Scotland captain Andy Robertson wants his side to inspire a nation in their first major international tournament for 23 years at Euro 2020.
The Scots begin their campaign on home soil in front of 12,000 fans at Hampden against the Czech Republic on Monday and will also have home advantage against Croatia in Group D after a trip to face England at Wembley on Friday.
Robertson was four the last time Scotland reached a finals at World Cup 1998 and even called on schools to scrap lessons for a 1400 local time (1300 GMT) kick-off against the Czechs.
“A lot of kids, teenagers, even people in their early twenties haven’t witnessed us ever in a major tournament,” said the Liverpool left-back on Sunday.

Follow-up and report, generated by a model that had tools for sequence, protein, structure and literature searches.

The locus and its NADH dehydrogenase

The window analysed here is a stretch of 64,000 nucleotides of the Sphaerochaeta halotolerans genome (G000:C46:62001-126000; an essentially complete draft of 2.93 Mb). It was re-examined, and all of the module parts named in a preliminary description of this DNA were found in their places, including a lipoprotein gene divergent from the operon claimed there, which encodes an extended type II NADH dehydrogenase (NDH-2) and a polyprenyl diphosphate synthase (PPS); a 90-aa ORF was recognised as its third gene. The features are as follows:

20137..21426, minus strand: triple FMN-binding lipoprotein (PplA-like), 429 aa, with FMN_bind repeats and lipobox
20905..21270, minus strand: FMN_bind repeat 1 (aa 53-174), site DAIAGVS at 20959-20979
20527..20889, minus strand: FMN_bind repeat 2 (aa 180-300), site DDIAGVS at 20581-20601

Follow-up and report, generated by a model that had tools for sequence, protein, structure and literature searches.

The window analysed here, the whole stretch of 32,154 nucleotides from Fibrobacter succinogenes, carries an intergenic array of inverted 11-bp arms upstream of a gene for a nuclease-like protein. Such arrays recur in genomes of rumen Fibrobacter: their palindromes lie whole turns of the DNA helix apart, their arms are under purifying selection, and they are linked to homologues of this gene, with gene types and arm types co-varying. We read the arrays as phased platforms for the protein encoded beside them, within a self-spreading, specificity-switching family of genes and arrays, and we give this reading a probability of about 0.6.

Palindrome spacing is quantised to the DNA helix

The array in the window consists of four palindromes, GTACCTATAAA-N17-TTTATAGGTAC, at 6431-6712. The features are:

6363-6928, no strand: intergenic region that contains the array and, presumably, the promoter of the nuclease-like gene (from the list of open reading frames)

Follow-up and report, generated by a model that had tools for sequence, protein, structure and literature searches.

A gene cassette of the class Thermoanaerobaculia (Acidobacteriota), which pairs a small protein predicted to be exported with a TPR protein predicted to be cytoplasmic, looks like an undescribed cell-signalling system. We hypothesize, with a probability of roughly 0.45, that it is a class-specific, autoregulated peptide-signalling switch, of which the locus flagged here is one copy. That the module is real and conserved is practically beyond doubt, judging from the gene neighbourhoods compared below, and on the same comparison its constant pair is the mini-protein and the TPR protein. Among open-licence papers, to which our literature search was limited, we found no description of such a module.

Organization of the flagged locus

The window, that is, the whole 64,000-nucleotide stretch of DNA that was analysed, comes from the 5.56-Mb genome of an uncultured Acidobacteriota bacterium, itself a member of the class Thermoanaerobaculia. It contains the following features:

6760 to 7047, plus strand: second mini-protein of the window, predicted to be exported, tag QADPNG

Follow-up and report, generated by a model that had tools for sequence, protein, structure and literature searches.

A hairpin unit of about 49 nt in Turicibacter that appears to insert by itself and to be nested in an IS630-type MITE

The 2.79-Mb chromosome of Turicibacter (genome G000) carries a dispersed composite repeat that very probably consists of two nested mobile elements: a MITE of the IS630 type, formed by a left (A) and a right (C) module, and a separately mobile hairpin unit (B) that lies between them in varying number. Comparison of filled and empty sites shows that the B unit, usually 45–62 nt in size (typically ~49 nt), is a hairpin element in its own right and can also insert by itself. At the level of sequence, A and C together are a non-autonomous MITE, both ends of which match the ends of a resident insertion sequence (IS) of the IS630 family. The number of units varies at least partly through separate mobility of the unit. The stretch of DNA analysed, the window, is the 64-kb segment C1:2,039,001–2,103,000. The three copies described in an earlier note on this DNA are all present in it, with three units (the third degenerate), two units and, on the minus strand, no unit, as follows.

“The fact now that is going to happen, I hope it inspires a nation, I hope we can make them happy. You can feel a real buzz around the country already.
“The schools can maybe give them a pass to watch the game, we want the whole country behind us. For me it has been a long time coming, it’s up to us to try and keep a smile on their faces.”
Scotland have set up their training base in the north of England to avoid some of the fanfare around their return to a major tournament.
And manager Steve Clarke wants his players to balance the excitement without letting the pressure of the occasion get to them.
“I think when you qualify for the first time in 23 years you probably feel a little bit less pressure,” said Clarke.
“We’ve done well to be in the tournament, we’re looking forward to it, we’re going to give our best in every single game and try and make the next step to the knockout stages which would be a first for the men’s national team.
“I think the Tartan Army can get overexcited for us. We have to be excited, but we have to keep an emotional control so that when we get to the match we perform to our full potential and I feel we can do that.”